, Volume 95, Issue 9, pp 793–801

Decompression syndrome and the evolution of deep diving physiology in the Cetacea

Original Paper


Whales repetitively dive deep to feed and should be susceptible to decompression syndrome, though they are not known to suffer the associated pathologies. Avascular osteonecrosis has been recognized as an indicator of diving habits of extinct marine amniotes. Vertebrae of 331 individual modern and 996 fossil whales were subjected to macroscopic and radiographic examination. Avascular osteonecrosis was found in the Oligocene basal odontocetes (Xenorophoidea) and in geologically younger mysticetes, such as Aglaocetus [a sister taxon to Balaenopteridae + (Balaenidae + Eschrichtiidae) clade]. These are considered as early “experiments” in repetitive deep diving, indicating that they independently converged on their similar specialized diving physiologies.


Avascular osteonecrosis Behaviorally induced paleopathology Diving physiology Cetacea Mysticeti Odontoceti 


  1. Barnes LG (2006) A phylogenetic analysis of the superfamily Platanistoidea (Mammalia, Cetacea, Odontoceti). Beitr Palaont 30:25–42Google Scholar
  2. Beatty BL (2004) Evidence for suction feeding in the Desmostylidae (Desmostylia, Mammalia). J Morph 260(3):276–277, (ICVM-7 abstracts)Google Scholar
  3. Beatty BL (2007) Dental microwear as an indicator of substrate and suspended sediment interaction towards a finer view of marine mammal paleoecology. J Vertebr Paleontol 27(Supplement to 3):45AGoogle Scholar
  4. Berta A, Sumich JL (1999) Marine mammals evolutionary biology. Academic, New YorkGoogle Scholar
  5. Bouetel V (2005) Phylogenetic implications of skull structure and feeding behavior in Balaenopterids (Cetacea, Mysticeti). J Mammal 86(1):139–146CrossRefGoogle Scholar
  6. Bouetel V Muizon C (2006) The anatomy and relationships of Piscobalaena nana (Cetacea, Mysticeti), a Cetotheriidae s.s. from the early Pliocene of Peru. Geodiversitas 28(2):319–395Google Scholar
  7. Croll DA, Acevedo-Gutierrez A et al (2001) The diving behavior of blue and fin whales: is dive duration shorter than expected based on oxygen stores? Comp Biochem Physiol Part A Mol Integr Physiol 129:797–809CrossRefGoogle Scholar
  8. Darwin C (1859) On the origin of species by means of natural selection, or the preservation of favoured races in the struggle for life. John Murray, LondonGoogle Scholar
  9. Dooley AC Jr., Fraser NC et al (2004) The earliest known member of the rorqual-gray whale clade (Mammalia, Cetacea). J Vertebr Paleontol 24(2):453–463CrossRefGoogle Scholar
  10. Elsner R (1999) Living in water; solutions to physiological problems. In: Reynolds JE, Rommel SA (ed) Biology of marine mammals. Smithsonian Institution Press, Washington, DC, pp 73–116Google Scholar
  11. Fernández A, Edwards JF et al (2005) “Gas and fat embolic syndrome” involving a mass stranding of beaked whales (family Ziphiidae) exposed to anthropogenic sonar signals. Vet Pathol 42:446–457PubMedCrossRefGoogle Scholar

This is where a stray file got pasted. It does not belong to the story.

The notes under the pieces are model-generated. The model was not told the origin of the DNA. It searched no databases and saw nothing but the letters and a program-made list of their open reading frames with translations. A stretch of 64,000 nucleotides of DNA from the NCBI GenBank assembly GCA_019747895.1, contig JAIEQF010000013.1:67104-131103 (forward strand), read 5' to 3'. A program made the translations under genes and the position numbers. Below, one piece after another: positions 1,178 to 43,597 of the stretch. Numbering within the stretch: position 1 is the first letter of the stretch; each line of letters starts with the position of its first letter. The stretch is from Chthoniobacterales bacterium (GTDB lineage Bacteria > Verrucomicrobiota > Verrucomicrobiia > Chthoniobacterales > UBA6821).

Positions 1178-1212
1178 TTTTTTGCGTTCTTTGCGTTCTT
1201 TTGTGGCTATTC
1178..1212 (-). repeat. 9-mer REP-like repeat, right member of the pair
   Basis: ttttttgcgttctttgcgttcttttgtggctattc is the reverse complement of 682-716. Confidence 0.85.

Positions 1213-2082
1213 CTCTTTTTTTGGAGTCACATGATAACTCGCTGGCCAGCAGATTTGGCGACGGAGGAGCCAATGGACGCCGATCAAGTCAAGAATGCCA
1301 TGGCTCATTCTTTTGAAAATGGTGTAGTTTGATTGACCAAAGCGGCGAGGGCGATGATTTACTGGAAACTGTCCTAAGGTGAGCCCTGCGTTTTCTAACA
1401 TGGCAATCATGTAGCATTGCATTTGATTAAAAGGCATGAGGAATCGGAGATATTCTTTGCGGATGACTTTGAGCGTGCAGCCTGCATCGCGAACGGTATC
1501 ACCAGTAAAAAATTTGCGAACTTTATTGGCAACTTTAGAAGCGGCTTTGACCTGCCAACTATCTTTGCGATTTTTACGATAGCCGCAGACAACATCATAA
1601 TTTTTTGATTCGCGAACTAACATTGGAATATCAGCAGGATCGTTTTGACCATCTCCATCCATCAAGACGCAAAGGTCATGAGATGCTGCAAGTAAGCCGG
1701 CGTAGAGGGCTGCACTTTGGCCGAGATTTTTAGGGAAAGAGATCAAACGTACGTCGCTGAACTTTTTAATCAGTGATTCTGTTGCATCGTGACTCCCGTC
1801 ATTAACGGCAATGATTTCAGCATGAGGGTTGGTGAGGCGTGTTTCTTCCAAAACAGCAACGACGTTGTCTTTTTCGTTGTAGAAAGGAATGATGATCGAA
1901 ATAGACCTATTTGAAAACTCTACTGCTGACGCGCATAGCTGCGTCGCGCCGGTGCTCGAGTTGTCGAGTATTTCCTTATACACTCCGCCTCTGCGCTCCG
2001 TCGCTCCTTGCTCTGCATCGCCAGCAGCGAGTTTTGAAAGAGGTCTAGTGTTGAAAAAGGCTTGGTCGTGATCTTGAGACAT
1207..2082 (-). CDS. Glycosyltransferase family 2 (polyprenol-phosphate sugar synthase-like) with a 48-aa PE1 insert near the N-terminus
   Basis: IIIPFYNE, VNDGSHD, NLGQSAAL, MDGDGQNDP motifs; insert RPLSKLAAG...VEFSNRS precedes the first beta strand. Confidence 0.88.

12. Fitzgerald EMG (2004) A review of tertiary fossil Cetacea (Mammalia) localities in Australia. Mem Natl Mus Vic 61(2):183–208Google Scholar
  13. Fitzgerald EMG (2005) Bizarre baleen whales from Australia’s Ancient Seas. Australas Sci 26(5):23–27Google Scholar
  14. Fordyce RE (1980) Whale evolution and Oligocene Southern Ocean environments. Palaeogeogr Palaeoclimatol Palaeoecol 31:319–336CrossRefGoogle Scholar
  15. Fordyce RE (1992) Cetacean evolution and Eocene/Oligocene environments. In: Prothero DR, Berggren WA (eds) Eocene–Oligocene climatic and biotic evolution. Princeton University Press, Princeton, pp 368–381Google Scholar
  16. Fordyce RE (2003) Cetacean evolution and Eocene–Oligocene oceans revisited. In: Prothero DR, Ivany LC, Nesbitt EA (eds) From greenhouse to icehouse: the marine Eocene–Oligocene transition. Columbia University Press, New York, pp 154–170Google Scholar
  17. Fordyce RE, Muizon (2001) Evolutionary history of cetaceans: a review. In: Mazin J-M, Buffrenil (eds) Secondary adaptation of Tetrapods to life in water. Verlag Dr. Friedrich Pfeil, Munchen, pp 169–233Google Scholar
  18. Gaskin DE (1982) The ecology of whales and dolphins. Heineman, LondonGoogle Scholar
  19. Geisler JH, Sanders AE (2003) Morphological evidence for the phylogeny of Cetacea. J Mammal Evol 10(1/2):23–129CrossRefGoogle Scholar
  20. Hamilton PK, Stone GS et al (1997) Note on a deep humpback whale Megaptera novaeangliae dive near Bermuda. Bull Mar Sci 61(2):491–494Google Scholar
  21. Harvey EN, McElroy WD et al (1944) Bubble formation in animals. III. An analysis of gas tension and hydrostatic pressure in cats. J Cell Comp Physiol 24(2):117–132CrossRefGoogle Scholar
  22. Hooker SK, Baird RW (1999) Deep-diving behaviour of the Northern bottlenose whale, Hyperoodon ampullatus (Cetacea: Ziphiidae). Proc R Soc B 266(1420):671–676CrossRefGoogle Scholar
  23. Hooker SK, Miller PJO et al (2005) Ascent exhalations of Antarctic fur seals: a behavioural adaptation for breath-hold diving? Proc R Soc B 272:355–363PubMedCrossRefGoogle Scholar
  24. Houser DS, Howard R et al (2001) Can diving-induced tissue nitrogen supersaturation increase the chance of acoustically driven bubble growth in marine mammals? J Theor Biol 213:183–195PubMedCrossRefGoogle Scholar
  25. Hutter CD (2000) Dysbaric osteonecrosis: a reassessment and hypothesis. Med Hypotheses 54(4):585–590PubMedCrossRefGoogle Scholar